Things we like: iPlayer, Telegraph, end of nuisance callers

Some things in the media business we liked in the week up to 6 March, and one thing we didn't...

Things we like: iPlayer, Telegraph, end of nuisance callers

A record month for iPlayer

Remember the days before BBC iPlayer, when the only way to watch a BBC programme you missed was if a friend recorded it on their VCR? IPlayer had its best month on record in January with 343 million requests and, with 264 million TV requests, it was also the platform’s biggest month for TV viewing. Requests from mobiles and tablets increased to 48 per cent in January. Personalisation is next, using data to create what has been dubbed "my BBC".

The Telegraph's new focus 

It seems Peter Oborne’s resignation letter from The Daily Telegraph has been responsible for a timely refocus at the newspaper. Advertising and editorial guidelines are in the process of being drafted and an editor has emerged in all but name in the form of the director of content, Chris Evans. Staff talk of a new openness and better communication on the editorial floor. Meanwhile, the controversial editor-in-chief and chief content officer, Jason Seiken, is moving further away from editorial operations – to the relief of some.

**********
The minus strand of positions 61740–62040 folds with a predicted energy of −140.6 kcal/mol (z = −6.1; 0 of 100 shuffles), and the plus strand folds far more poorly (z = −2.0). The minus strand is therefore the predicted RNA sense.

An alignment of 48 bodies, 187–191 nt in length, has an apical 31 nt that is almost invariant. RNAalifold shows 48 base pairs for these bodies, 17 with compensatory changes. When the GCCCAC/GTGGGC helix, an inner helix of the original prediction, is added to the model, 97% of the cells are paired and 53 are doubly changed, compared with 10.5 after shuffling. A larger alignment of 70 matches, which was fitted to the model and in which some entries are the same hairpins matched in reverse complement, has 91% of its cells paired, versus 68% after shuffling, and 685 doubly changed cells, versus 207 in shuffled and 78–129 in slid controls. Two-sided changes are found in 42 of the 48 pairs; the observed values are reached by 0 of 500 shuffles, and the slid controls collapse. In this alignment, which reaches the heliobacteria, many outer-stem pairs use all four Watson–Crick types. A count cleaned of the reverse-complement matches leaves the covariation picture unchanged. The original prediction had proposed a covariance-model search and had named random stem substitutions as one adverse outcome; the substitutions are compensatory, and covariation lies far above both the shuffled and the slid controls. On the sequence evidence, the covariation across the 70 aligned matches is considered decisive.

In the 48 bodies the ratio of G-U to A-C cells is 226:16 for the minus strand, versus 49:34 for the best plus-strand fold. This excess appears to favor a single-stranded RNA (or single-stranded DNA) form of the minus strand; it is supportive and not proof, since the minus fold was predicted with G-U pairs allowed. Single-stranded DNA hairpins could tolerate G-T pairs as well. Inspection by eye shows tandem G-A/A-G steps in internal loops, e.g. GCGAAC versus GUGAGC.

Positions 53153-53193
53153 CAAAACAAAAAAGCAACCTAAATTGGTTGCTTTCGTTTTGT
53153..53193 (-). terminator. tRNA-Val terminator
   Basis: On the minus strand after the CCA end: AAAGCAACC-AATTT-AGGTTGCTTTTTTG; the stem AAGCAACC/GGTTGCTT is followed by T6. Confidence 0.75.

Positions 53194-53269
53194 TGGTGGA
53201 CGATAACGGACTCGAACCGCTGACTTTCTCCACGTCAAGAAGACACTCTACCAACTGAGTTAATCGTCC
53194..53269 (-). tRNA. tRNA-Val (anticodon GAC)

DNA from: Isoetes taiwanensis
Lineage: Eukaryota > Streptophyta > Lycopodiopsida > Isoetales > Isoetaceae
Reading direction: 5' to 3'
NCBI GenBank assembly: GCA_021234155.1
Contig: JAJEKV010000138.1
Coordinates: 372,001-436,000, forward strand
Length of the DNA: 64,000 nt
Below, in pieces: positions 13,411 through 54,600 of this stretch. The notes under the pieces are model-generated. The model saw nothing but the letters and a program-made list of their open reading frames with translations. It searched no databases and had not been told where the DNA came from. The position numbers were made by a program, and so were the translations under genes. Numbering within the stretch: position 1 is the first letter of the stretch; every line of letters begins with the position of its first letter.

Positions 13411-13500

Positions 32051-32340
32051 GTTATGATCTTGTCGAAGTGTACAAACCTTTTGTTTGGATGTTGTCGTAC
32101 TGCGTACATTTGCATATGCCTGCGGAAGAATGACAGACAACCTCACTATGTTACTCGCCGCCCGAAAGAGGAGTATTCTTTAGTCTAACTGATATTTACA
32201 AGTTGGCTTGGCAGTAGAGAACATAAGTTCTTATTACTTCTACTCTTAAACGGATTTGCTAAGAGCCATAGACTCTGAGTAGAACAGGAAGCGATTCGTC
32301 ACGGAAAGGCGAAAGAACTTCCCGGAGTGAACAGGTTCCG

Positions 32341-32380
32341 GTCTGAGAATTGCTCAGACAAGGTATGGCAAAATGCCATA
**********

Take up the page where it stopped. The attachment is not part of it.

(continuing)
An end to nuisance callers

There was reason for cheer last week after the news that the government is clamping down on nuisance cold-callers. From 6 April, it will be easier for the Information Commissioner’s Office to intervene in more cases and issue penalties of up to £500,000 to companies found to be making nuisance calls. Cold-callers offering payment-protection insurance and accident claims bombard millions of households up and down the country and have forced many individuals to become ex-directory.

And one thing we don’t…

Whether you saw "black and blue" or "white and gold", there was no escape from #thedress on Tumblr last week. BuzzFeed cracked open the bubbly (literally) as it quickly garned 25 million views. Of course, it trended on Twitter too. To recap: take one black-and-blue dress but shoot it in a light that makes it look white and gold to some. Is this what the internet was invented for? Is this what the digital dream looks like?